Shedding the Light on Shadow Work

Shedding the Light on Shadow Work

In the realm of personal development, shadow work emerges as a fascinating yet complex concept. It beckons us to venture into the uncharted territories of our psyche, promising a journey of profound self-discovery and healing. However, this voyage is not without its intricacies and potential pitfalls. This article delves into a critical examination of shadow work exercises providing a comprehensive understanding of its potential, limitations, and focus from a Functional Patterns' perspective.

Understanding Shadow Work

Shadow work is a term in psychotherapy that may seem hard to understand at first because subjective experiences are attempting to be quantified. This refers to the process of exploring the deeper and often unacknowledged parts of our personality called the 'shadow' self that may involve past trauma or resentment. It's about confronting these uncomfortable aspects to achieve a more balanced and authentic self. The idea of shadow work exercises is tailored to recognize and harness these often-ignored traumas into emotional resilience.

Shadow work at its core is about introspection and acceptance. It involves identifying traits or past experiences that we might have pushed aside or ignored. This process requires honesty and courage, as it often entails facing uncomfortable decisions about our lives. 

Examples of Common Shadow Work Exercises

The shadow work exercises below are in the context of self-talk or self-expression when done alone. 

  • Journaling: Writing down your thoughts and feelings can be a way to explore your shadow self. Try to be honest and non-judgmental as you write, allowing your true feelings to emerge.
  • Inner dialogue: Engage in a conversation with your shadow self, asking questions and listening to the answers. This can help you to better understand your hidden emotions and motivations.
  • Art therapy: Painting or dancing are used with the goal of getting in tune with your shadow. The goal here is to bring out and analyze repressed feelings.1

These exercises may sound good but with respect to resolving past traumas, will likely lead to action faking if incorporated into a routine. The practice of doing non-value added work but making no tangible progress towards a goal is action faking; considered worse than procrastination. 

Photo by Jacek Dylag on Unsplash

Physical Manifestations of Emotional States

Our emotional and mental states may manifest as unmanageable stress or anxiety leading to muscle tension, poor posture, and altered breathing patterns. Functional Patterns views the body as an integrated system where mental, emotional, and physical health are inextricably linked. Therefore, shadow work exercises should aim to address these interconnected areas to promote overall well-being.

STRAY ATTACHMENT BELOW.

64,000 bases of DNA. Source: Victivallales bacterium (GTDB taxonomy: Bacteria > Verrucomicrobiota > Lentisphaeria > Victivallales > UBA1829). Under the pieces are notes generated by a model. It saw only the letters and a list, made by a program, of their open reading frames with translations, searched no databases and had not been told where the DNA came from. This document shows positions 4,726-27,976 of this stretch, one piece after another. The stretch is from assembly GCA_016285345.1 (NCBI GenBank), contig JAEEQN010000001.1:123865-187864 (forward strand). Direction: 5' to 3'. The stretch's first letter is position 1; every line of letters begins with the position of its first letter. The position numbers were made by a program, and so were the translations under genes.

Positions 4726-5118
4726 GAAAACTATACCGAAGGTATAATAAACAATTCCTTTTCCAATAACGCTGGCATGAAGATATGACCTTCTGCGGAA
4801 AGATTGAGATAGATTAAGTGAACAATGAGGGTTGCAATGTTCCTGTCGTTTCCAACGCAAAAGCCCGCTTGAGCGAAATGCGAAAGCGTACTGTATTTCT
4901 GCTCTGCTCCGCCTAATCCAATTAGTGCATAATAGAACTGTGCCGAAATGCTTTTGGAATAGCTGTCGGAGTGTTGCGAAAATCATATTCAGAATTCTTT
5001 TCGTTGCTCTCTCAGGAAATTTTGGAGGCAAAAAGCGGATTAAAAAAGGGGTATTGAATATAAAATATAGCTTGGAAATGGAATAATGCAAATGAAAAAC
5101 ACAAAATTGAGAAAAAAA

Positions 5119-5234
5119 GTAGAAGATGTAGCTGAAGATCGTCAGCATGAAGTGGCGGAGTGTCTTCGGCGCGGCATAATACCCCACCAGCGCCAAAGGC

Another critique lies in the potential overemphasis on psychological aspects at the unintended expense of physical health. Some individuals may benefit from shadow work absent of the FP perspective while others may find the process overwhelming. This highlights the need for a tailored approach to respect individual differences in emotional and physical health. At FP, we ensure that biomechanical improvements are not sidelined by psychological exploration.

The Downside of Shadow Work

While shadow work can be beneficial with a results-oriented process, it's not without its challenges. It requires confronting uncomfortable lies we tell ourselves which can be emotionally taxing. Individuals without proper guidance might misinterpret or overemphasize certain aspects, leading to more stress rather than systemic solutions. We emphasize treating the mind and body as a system. Some shadow work exercises align with this approach, acknowledging that emotional states can manifest physically. 

Image by Freepik

Beneficial Aspects of Shadow Work

At FP, we propose the practice of being honest by identifying when lying to oneself or others moving forward rather than re-experiencing past traumas. The goal of identifying lies is to take accountability of one's actions and find the behavioral root causes to problems to prevent lying in the future. This self-reflection activity seems to be a much lower risk compared to attempting to re-live life changing trauma from the past. However, it's crucial to recognize that shadow work is part of a broader wellness strategy and not a standalone solution.


Shadow work exercises can be a useful addition to practice as long as a problem-solving mindset is maintained. This is done by focusing mainly on identifying one’s own lies, the root cause of those lies, and corrective actions to minimize lying in the future. Common shadow work exercises like journaling and art therapy should be avoided due to the risk of action faking. When shadow work is done effectively, it can complement the Functional Patterns approach to improving biomechanics.

If you're interested in Functional Patterns, we recommend you to watch the Project Function Podcast (@projectfunctionpodcast).

Learn more about Functional Patterns and psychology in the following resources: 


  1. Berasi, Kateri  et al. “How to Do Shadow Work.” October 25, 2023,
Back to blog